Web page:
Saturday, August 20, 2016

Spotlight On...Nikita Tewani

Name: Nikita Tewani

Hometown: Westchester, New York

Education: BFA in Drama from NYU Tisch School of the Arts

Select Credits: Spots on TV shows The Affair (Showtime), Falling Water (USA)

Why theater?: Theatre teaches me presence. I have always been the type of person who spends much of the day in her head, anxiously planning or worrying. Theatre has taught me to live in the moment, to listen and to get out of my own way. If I can influence even just one audience member to do the same, then I feel like I've succeeded.

Who do you play in The Fall?: I play a young Pakistani-American woman named Nasrin. Her father was killed on September 11th; he worked in one of the towers. The play brilliantly addresses Islamophobia via Nasrin's character. Her perspective is from the hundreds of families who suffered loss and had to deal with ignorance and racism on top of it. Nasrin is a leader; she wants to be the change, not just see it. That's what makes her so inspiring to me.

Tell us about The Fall: The Fall centers around a group of young women who lost their fathers in the attacks on the World Trade Center on 9/11. It is set fifteen years after the attacks. It explores the ways in which we grieve, cope, recover, love, and find hope, all through the personal recollections of these young women. It does not dwell on the horrors of the attacks. It is about the journey these women take to find that glimmer of strength and joy, which we all have within us. Lilia, our incredible writer, has tapped into these universal human experiences which can be easily related to what is simply going on in the world right now. She originally conceived the play in 2011 with a smaller cast, which I was a part of. Now, it is a larger, ensemble-driven piece. We will be performing less than a month before the fifteen-year anniversary of 9/11.

What's it like being a part of The Fall?: It's been one of the best theatre experiences I've ever had. I am in awe every single day of this company. Our writer, Lilia Rubin, and our director, Jane Arnfield, have created a stunningly female-empowering piece. We laugh, we cry, we do tai-chi. They've created an unforgettable experience for me and for audiences everywhere. It's also been really fun to reprise the role of Nasrin 5 years later, 5 years older.

What kind of theatre speaks to you? Who or what inspires you as an artist?: I'm inspired by anything that touches upon what we as humans deal with every single day. Love, friendship, sexuality, racism, loss, religion, the duality of life, etc. The rawness of a story is what speaks to me. Less is more. I am also inspired by artists like Lin Manuel Miranda who make an effort to bring more diversity into all forms of entertainment.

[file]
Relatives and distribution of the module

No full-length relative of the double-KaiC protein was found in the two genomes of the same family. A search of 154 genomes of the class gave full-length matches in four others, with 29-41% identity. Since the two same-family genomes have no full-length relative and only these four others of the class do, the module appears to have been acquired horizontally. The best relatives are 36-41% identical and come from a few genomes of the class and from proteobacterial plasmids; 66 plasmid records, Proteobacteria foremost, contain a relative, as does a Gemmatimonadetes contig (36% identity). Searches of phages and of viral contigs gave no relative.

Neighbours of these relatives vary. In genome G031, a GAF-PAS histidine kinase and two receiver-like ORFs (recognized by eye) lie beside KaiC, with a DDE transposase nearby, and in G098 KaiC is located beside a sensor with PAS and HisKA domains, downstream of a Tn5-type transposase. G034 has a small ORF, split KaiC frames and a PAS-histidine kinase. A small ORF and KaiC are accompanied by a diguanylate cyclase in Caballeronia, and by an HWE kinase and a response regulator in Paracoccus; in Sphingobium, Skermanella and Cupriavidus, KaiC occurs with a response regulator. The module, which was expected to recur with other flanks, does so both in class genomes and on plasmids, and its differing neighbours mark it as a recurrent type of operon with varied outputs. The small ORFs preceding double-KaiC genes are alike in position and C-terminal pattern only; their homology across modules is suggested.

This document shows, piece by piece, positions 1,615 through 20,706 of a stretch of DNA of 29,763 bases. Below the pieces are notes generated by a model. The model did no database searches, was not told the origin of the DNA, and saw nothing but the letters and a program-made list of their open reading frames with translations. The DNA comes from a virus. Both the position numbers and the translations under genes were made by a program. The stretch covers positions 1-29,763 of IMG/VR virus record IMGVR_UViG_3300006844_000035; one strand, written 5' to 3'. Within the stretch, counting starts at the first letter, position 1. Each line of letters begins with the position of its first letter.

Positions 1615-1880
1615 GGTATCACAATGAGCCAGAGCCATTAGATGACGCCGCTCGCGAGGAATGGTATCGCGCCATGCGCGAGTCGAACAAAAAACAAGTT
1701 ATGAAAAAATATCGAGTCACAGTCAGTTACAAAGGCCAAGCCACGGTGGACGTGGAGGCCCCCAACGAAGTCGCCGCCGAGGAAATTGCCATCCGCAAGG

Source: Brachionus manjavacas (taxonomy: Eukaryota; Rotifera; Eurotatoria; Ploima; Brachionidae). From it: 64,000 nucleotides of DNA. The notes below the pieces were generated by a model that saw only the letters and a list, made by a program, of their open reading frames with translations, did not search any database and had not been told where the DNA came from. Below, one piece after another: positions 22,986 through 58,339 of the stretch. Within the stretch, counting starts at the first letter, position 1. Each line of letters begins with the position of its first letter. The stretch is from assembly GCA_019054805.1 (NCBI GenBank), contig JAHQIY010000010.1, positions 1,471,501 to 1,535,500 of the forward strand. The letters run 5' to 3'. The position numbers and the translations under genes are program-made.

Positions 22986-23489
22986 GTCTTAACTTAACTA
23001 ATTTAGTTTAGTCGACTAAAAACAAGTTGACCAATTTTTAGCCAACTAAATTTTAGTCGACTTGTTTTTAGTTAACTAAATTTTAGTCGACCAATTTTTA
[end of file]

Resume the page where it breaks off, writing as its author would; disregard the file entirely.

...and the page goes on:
Any roles you're dying to play?: Marvel's Jessica Jones. Female Sherlock Holmes. I've also always wanted to be Viola in Twelfth Night.

What's your favorite showtune?: I have the Hamilton playlist on repeat.

If you could work with anyone you've yet to work with, who would it be?: Viola Davis

Who would play you in a movie about yourself and what would it be called?: "How to be an aspiring artist and simultaneously have a Type A Personality." Claire Danes!

If you could go back in time and see one play or musical what would it be?: I heard Disgraced on Broadway was really good.

What show have you recommended to your friends?: There is a ton of quality theatre outside the realm of Broadway. Each and every show at the Fringe Festival is unique and entertaining. On TV, however, it would be Sherlock, Breaking Bad, Narcos, Orange is the New Black & anything Shona Rhimes.

What's your biggest guilty  pleasure?: Pretty Little Liars and gluten free pizza. If you catch me eating and watching at the same time, I've probably never been happier.

What's up next?: I'm starting rehearsals for a play on Monday called A Muslim In The Midst, by Anand Rao. It premieres at the Hudson Guild Theatre on September 12. I play a woman named Priya. This play deals with the immediate aftermath of 9/11 as seen through the eyes of ordinary people outside the United States.